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Apple Notebooks Apple's notebook computers including MacBook Pro, MacBook, MacBook Air, PowerBook, and iBook.

Can the keyboard damage the screen on a MacBook Pro?


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jthompson99

 
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I have read some threads were people say that the keyboard can leave marks on the screen and that you should buy one of those microfiber cloths.

Is this true?
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No. The screen is glass (in late-model MacBooks). You can't damage it that easily unless you drop it from a good height.
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Where'd you read that? Got a link?
Apple wouldn't design their MBs and MBPs in a way to allow the screens to be scratched by the keyboard.
Nonsense!

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What it does do with mine, is leave the prints of the finger fat coated keys on the screen.
I always carry it with two hands and it never has anything lying on top but it still happens.
No big deal as it can be easily removed, but still… I wonder if scratching could occur when the MBP is in transfer and under a lot of vibration since the keys do touch the screen.
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Yes... older MacBook Pros, PowerBooks, and iBooks were notorious for the keys rubbing the screen and causing marks on the display. Apple's typical response was that this was caused by excessive pressure between the lid and keyboard, like carrying the computer in a backpack or an overly tight laptop bag. They considered the damage accidental damage and not a design flaw. For these older units, I do recommend using a microfiber cloth or something similar between the screen and keyboard. The unibody design and the flat keys give a little more clearance, so the issue has been mostly resolved.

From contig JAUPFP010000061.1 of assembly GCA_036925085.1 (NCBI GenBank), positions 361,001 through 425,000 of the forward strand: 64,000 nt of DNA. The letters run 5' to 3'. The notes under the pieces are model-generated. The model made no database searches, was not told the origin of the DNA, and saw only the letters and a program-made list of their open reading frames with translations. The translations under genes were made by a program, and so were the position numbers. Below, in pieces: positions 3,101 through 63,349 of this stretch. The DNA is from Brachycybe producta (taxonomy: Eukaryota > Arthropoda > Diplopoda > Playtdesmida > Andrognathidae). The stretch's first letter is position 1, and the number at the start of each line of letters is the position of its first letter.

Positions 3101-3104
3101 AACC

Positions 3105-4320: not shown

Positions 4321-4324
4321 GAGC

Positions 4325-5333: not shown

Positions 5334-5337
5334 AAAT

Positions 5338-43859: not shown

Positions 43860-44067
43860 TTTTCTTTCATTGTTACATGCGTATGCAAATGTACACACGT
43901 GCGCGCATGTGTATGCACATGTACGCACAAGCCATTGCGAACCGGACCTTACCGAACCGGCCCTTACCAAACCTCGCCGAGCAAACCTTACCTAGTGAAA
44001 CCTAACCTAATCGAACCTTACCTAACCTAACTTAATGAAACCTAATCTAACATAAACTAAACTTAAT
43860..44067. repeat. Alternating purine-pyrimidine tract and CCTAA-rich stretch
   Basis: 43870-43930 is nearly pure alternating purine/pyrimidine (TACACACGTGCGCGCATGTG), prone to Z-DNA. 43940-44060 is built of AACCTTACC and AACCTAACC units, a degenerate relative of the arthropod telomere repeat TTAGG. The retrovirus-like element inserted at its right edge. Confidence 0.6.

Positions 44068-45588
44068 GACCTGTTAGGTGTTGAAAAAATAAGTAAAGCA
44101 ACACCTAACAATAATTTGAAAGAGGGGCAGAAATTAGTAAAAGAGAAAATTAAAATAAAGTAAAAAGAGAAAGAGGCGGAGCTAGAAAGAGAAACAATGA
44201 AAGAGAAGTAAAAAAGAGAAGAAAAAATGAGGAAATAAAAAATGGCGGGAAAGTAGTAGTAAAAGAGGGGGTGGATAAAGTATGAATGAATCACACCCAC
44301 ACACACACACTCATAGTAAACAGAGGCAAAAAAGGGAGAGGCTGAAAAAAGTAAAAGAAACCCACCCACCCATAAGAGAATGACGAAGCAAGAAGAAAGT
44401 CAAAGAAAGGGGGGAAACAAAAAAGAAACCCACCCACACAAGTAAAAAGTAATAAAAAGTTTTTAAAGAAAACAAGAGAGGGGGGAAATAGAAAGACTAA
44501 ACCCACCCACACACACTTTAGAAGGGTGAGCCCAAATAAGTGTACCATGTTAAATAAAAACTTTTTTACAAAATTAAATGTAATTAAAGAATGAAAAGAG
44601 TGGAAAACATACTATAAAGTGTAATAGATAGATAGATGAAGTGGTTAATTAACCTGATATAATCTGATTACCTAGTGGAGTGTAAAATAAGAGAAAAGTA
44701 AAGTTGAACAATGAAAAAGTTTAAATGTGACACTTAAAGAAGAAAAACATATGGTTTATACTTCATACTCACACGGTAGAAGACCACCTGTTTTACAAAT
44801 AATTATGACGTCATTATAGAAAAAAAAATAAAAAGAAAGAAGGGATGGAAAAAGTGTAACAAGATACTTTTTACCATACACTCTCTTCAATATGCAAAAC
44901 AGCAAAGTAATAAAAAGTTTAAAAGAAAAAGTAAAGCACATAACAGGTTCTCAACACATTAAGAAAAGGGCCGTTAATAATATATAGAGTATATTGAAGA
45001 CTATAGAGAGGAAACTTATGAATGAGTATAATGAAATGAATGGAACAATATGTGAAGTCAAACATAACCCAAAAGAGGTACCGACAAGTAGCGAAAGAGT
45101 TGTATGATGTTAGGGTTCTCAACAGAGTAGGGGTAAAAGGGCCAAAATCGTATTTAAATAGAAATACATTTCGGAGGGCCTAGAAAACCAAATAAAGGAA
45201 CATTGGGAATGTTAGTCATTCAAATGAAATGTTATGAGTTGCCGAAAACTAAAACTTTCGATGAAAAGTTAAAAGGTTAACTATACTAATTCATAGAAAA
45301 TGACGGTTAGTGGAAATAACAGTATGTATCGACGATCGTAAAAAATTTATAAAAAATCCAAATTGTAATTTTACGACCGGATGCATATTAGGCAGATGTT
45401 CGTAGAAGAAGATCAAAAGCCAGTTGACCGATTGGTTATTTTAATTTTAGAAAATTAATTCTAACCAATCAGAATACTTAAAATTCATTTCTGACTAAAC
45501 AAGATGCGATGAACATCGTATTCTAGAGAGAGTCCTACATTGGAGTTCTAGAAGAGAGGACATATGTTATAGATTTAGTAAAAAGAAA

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Quote:
Originally Posted by EvenStranger View Post
The unibody design and the flat keys give a little more clearance, so the issue has been mostly resolved.
Hasn't been resolved on mine. But I dont really care that much, because it comes off. But, if it did end up causing damage over time, I would upset.

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I know this is an old thread - but my new mac book air is showing exactly this sort of screen damage caused by the keyboard. I caught it early and it is very minor now, but quite real. I just ordered a thin micro fiber cloth to place over the keyboard when I close the machine. I take very good care of this machine - it is always stored in a sleeve and never squashed in a bag or pack. Not a great design from this perspective imho. Should have a tiny bit more space between the top of the keys and the surface of the keys when closed. Very disappointing.
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Quote:
Originally Posted by rpg51 View Post
I know this is an old thread - but my new mac book air is showing exactly this sort of screen damage caused by the keyboard. I caught it early and it is very minor now, but quite real. I just ordered a thin micro fiber cloth to place over the keyboard when I close the machine. I take very good care of this machine - it is always stored in a sleeve and never squashed in a bag or pack. Not a great design from this perspective imho. Should have a tiny bit more space between the top of the keys and the surface of the keys when closed. Very disappointing.
In my experience with older Powerbooks & iBooks...what usually causes this problem (keyboard keys imprinting on the display) is when someone piles too much weight on top of the computer when the display is closed.

For example some books or other heavy items ate piled on top of the computer. Or someone accidentally sits on the computer, or the computer is in a computer bag or backpack...and gets sat on.

But generally speaking...this happens when heavy items are stacked on top of the computer for an extended period of time...which can cause parts to flex...resulting in contact/pressure between the keyboard & the display surface.

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Not sure how to quantify the amount of weight involved. But I assure you - my use has been gentle. Nothing at all out of the ordinary. I am aware of this sort of thing and I am careful. In my view if damage occurs with the sort of use I have put this computer to then it is a design flaw. Just one man's opinion. I will be using a microfiber cloth from now on and I will be obsessive about making sure no pressure whatsoever is placed on computer when it is closed. This is a very fragile little design on this particular score. Pretty? Yes for sure. Durable? Nope. Don't get me wrong - I love the thing and I would buy another in a heart beat (in fact I bought another for my wife last week).